Besides advancing age, cataract risk factors include:

  • Ultraviolet radiation
  • Diabetes
  • Hypertension
  • Obesity
  • Smoking
  • Prolonged use of corticosteroid medications
  • Statin medicines used to reduce cholesterol
  • Previous eye injury or inflammation
  • Previous eye surgery
  • Hormone replacement therapy
  • Significant alcohol consumption
  • High myopia (short sightedness)
  • Family history

One theory of cataract formation is that many cataracts are caused by oxidative changes in the human lens. This is supported by nutrition studies that show fruits and vegetables high in antioxidants may help prevent certain types of cataracts.

Cataract prevention

Though there is significant controversy about whether cataracts can be prevented, a number of studies suggest certain nutrients and nutritional supplements may reduce your risk of cataracts.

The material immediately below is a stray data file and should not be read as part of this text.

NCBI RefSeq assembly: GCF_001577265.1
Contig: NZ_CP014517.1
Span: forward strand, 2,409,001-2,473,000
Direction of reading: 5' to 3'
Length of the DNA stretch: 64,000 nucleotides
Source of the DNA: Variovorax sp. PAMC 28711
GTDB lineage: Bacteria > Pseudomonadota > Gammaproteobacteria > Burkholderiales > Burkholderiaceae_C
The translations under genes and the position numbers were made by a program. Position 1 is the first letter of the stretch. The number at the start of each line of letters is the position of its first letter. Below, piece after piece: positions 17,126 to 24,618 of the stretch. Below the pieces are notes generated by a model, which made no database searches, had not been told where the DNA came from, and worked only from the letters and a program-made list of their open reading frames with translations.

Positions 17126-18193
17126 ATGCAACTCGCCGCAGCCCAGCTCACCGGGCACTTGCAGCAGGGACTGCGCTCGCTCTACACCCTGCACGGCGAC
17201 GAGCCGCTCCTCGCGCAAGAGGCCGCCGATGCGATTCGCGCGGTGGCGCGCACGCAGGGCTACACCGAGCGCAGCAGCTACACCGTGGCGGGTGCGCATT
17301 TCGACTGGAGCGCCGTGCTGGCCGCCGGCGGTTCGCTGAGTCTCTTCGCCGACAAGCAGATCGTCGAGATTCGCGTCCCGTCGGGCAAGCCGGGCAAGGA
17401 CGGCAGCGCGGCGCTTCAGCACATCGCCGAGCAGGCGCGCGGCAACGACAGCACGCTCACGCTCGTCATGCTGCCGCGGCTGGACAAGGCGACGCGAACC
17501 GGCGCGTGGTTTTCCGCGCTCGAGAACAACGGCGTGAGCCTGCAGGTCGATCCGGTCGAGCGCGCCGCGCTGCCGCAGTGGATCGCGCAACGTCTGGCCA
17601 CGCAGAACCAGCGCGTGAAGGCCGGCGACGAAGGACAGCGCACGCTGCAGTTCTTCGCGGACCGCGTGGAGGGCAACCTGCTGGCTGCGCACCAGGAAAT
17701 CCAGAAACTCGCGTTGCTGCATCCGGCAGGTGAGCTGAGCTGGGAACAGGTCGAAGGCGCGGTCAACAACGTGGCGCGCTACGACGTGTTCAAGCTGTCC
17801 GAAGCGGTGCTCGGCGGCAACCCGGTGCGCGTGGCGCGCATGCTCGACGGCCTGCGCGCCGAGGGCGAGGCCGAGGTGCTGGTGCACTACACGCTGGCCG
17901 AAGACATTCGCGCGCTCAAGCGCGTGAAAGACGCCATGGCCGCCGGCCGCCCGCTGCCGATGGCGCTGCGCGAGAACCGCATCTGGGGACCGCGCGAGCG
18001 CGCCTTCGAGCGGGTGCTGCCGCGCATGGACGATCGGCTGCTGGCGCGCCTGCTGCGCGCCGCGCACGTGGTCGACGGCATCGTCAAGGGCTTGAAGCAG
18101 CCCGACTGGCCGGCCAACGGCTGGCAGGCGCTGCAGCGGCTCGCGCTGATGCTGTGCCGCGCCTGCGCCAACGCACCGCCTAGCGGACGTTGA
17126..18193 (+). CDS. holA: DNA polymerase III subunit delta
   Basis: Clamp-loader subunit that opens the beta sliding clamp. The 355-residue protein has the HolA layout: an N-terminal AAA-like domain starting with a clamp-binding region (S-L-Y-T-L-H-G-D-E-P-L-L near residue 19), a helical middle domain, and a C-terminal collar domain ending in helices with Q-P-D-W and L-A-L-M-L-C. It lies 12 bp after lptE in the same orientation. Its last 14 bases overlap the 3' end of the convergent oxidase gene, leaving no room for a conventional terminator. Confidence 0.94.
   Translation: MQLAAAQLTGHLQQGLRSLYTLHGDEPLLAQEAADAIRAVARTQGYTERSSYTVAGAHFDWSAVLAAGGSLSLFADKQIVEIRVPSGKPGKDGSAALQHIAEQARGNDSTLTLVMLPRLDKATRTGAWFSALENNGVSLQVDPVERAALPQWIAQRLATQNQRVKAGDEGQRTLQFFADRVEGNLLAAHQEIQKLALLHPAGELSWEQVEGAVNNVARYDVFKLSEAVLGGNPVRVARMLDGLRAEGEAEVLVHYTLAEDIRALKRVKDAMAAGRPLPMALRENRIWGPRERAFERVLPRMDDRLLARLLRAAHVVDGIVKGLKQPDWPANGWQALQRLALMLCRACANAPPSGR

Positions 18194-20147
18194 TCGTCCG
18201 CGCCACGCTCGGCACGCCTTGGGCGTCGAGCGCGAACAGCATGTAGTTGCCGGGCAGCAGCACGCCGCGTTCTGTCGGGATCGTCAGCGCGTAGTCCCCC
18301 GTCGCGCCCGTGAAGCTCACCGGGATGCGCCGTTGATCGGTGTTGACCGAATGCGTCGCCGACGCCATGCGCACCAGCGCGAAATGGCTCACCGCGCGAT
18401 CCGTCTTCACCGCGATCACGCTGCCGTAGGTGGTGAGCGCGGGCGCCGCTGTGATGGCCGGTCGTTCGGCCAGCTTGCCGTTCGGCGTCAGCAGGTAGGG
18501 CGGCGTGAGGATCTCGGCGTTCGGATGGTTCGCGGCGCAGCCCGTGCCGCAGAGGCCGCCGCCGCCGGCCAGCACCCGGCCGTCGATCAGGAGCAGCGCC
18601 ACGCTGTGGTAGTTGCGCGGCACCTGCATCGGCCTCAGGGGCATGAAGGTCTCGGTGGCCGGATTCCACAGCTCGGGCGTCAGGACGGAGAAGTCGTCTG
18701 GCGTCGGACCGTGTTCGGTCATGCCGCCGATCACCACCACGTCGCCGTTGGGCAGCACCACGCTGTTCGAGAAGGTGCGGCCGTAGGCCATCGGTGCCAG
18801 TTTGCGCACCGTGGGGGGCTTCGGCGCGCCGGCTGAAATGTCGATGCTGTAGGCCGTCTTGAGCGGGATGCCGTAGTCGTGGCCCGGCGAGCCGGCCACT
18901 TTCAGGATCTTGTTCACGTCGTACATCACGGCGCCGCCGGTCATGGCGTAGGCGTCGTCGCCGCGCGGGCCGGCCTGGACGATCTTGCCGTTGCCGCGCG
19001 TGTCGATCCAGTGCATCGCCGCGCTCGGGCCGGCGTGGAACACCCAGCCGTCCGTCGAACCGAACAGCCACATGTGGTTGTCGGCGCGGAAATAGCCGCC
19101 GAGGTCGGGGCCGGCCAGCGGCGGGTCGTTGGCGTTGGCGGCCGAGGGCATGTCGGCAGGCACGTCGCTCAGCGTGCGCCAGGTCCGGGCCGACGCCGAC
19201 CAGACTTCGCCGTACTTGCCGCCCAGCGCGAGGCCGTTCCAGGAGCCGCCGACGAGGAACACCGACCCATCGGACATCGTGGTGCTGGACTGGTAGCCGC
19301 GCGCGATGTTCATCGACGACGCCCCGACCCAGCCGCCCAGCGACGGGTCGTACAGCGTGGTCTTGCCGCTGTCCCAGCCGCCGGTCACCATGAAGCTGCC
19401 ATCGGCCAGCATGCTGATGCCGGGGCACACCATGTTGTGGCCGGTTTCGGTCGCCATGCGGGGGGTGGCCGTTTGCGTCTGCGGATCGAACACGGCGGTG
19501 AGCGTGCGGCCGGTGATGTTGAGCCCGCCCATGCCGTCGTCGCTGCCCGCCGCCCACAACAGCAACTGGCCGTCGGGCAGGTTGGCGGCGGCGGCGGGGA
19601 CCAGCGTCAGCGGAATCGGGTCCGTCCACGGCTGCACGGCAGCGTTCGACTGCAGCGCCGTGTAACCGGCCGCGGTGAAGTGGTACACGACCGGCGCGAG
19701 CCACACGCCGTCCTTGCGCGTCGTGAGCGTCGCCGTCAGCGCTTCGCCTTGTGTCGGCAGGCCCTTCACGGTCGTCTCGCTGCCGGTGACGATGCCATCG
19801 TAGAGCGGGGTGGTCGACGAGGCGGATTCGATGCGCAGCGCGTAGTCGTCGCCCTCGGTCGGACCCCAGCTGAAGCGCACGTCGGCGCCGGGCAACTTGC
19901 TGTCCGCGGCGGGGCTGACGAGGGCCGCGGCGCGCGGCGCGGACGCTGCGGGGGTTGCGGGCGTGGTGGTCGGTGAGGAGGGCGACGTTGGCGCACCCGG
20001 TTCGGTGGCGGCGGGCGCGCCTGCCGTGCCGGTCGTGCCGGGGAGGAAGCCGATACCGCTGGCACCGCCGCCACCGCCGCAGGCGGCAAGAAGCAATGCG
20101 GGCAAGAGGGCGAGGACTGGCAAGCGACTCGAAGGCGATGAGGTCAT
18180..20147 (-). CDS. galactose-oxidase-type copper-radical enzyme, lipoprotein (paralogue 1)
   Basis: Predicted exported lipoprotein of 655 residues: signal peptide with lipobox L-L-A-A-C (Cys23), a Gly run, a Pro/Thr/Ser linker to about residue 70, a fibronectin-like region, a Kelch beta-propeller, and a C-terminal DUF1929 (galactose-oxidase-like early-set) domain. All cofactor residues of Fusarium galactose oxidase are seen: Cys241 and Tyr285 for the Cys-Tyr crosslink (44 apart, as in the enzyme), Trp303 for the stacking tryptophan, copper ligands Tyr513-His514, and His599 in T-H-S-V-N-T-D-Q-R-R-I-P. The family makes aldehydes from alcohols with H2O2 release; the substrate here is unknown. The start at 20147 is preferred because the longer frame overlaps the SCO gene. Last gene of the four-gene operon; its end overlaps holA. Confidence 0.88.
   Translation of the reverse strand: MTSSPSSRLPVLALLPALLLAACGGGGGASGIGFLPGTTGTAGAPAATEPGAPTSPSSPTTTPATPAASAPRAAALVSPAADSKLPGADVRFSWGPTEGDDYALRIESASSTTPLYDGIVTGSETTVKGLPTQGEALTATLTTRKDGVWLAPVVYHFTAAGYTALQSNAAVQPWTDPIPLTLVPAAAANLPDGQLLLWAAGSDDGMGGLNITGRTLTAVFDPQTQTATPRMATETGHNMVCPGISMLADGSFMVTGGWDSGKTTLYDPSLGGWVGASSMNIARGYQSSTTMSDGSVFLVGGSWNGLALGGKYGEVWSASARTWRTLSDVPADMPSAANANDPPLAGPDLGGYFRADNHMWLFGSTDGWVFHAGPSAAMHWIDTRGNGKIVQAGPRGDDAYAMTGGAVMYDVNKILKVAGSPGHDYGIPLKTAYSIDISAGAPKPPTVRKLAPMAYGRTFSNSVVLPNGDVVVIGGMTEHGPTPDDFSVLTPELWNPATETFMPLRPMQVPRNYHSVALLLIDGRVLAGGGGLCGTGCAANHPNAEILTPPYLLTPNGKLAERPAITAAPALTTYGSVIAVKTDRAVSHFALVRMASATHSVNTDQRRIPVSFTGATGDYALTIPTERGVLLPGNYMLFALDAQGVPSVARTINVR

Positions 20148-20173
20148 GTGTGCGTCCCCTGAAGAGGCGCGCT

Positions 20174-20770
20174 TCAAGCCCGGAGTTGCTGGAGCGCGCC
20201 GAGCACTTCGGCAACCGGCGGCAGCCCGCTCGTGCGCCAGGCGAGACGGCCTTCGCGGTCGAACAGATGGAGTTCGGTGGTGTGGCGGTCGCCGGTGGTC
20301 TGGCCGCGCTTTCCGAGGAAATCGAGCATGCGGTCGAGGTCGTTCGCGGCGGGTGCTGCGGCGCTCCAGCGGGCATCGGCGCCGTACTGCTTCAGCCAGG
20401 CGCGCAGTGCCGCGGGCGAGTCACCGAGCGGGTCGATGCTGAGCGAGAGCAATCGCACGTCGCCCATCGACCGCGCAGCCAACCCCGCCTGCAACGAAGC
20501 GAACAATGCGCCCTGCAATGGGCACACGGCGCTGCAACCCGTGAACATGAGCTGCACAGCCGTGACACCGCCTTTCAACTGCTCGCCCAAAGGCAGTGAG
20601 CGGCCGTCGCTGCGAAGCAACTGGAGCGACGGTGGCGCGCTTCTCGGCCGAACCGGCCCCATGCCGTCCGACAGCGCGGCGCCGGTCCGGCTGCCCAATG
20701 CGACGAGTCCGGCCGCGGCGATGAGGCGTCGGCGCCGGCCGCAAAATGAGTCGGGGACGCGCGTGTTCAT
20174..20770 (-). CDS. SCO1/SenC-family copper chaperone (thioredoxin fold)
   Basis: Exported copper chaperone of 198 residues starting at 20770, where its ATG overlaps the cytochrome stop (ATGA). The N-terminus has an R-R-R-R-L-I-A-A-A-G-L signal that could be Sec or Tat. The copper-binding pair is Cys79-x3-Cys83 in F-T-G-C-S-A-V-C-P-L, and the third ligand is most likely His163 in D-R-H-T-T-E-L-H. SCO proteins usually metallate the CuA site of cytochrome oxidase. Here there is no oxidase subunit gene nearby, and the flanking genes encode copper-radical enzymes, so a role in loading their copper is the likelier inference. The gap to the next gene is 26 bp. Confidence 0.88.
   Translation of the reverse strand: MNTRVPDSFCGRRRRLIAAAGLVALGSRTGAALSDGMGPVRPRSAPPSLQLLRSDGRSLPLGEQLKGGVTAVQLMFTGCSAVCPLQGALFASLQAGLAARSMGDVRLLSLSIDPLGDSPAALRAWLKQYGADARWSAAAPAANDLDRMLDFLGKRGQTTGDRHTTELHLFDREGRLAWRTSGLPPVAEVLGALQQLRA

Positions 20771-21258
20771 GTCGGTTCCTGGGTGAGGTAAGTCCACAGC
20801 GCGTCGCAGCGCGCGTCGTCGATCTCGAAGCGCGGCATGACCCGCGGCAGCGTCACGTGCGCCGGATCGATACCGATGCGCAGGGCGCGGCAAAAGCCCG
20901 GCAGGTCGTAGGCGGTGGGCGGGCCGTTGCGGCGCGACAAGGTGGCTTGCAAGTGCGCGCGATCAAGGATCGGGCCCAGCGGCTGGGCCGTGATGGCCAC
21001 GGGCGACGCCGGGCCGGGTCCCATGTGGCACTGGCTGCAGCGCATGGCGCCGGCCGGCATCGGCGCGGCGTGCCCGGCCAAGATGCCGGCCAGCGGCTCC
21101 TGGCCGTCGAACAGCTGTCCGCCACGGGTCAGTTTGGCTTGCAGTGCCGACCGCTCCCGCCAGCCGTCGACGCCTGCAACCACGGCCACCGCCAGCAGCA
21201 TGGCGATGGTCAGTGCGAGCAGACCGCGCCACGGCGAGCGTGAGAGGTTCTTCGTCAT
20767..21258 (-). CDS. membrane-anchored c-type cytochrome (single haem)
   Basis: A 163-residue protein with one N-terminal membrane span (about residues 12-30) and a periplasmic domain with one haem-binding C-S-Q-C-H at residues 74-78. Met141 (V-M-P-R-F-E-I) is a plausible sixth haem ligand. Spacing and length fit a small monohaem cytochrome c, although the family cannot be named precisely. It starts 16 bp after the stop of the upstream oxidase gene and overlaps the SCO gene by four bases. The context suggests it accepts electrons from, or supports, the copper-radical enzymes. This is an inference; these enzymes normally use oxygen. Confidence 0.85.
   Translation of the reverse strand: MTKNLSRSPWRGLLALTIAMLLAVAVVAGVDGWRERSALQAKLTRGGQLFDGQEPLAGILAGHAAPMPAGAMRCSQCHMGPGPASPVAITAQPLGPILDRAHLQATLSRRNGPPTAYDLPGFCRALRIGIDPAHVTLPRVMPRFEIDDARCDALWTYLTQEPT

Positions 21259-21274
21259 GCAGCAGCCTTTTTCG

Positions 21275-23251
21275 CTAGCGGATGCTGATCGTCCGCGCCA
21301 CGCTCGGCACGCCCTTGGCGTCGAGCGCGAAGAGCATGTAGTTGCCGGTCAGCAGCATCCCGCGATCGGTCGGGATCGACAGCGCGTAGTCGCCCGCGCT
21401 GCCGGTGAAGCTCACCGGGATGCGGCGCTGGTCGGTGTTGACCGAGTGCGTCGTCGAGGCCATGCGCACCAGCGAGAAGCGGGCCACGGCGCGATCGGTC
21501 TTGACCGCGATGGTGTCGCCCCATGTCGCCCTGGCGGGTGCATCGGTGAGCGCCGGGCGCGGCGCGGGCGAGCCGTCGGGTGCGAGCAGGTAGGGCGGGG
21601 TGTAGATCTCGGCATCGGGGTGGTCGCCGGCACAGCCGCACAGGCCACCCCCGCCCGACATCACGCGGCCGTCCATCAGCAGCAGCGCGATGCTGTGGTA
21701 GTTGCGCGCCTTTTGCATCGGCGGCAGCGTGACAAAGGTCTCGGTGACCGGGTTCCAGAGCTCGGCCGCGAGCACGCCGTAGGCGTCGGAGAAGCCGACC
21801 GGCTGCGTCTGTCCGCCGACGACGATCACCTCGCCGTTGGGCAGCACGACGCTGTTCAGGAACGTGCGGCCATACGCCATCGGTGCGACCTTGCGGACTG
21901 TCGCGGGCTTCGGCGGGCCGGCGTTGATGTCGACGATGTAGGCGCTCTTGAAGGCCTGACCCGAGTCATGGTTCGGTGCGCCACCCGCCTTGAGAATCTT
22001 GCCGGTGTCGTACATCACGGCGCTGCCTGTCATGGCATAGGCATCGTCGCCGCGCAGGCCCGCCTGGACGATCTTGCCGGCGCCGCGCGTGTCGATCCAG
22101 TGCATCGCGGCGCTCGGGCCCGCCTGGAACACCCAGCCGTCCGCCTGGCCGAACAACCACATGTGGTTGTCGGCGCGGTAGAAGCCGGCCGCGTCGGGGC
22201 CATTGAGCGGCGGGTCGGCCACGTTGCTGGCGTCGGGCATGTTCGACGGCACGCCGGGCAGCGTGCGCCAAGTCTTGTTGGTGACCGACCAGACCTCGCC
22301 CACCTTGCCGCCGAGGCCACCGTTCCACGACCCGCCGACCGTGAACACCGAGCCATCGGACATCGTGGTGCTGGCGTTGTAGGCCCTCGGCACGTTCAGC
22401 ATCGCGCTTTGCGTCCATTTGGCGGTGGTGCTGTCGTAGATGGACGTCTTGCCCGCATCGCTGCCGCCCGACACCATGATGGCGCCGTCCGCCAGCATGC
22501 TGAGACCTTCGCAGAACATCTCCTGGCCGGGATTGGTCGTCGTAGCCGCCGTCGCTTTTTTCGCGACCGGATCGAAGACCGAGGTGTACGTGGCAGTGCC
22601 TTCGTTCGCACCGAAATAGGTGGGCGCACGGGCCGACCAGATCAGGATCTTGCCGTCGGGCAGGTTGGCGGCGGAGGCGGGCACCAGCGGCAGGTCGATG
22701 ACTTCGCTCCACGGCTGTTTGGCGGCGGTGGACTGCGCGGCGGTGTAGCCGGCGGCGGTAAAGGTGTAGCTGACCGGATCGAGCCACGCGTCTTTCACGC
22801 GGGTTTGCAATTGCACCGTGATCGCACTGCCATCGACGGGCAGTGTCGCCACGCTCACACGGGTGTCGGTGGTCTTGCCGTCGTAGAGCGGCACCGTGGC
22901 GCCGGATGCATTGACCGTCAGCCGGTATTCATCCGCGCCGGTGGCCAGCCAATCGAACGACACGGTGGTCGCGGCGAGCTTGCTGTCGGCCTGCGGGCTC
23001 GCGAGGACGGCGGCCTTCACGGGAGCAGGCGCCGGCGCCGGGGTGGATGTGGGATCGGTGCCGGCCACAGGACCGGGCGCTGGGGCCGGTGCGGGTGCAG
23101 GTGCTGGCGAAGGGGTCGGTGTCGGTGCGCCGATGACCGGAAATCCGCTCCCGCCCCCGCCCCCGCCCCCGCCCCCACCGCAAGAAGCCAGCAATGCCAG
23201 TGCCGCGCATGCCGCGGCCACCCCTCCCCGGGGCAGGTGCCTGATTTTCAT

One 10-year study of female health professionals found that higher dietary intakes of vitamin E and the carotenoids lutein and zeaxanthin from food and supplements were associated with significantly decreased risks of cataract.

Good food sources of vitamin E include sunflower seeds, almonds and spinach. Good sources of lutein and zeaxanthin include spinach, kale and other green, leafy vegetables.

Other studies have shown antioxidant vitamins such as vitamin C and foods containing omega-3 fatty acids may reduce cataract risk.

Another step you can take to reduce your risk of cataracts is to wear sunglasses that block 100 percent of the sun’s UV rays when you are outdoors.

Cataract treatment

When symptoms begin to appear, you may be able to improve your vision for a while using new glasses, strong bifocals, magnification, appropriate lighting or other visual aids.

Think about surgery when your cataracts have progressed enough to seriously impair your vision and affect your daily life.

Many people consider poor vision an inevitable fact of ageing, but cataract surgery is a simple, relatively painless procedure to regain vision.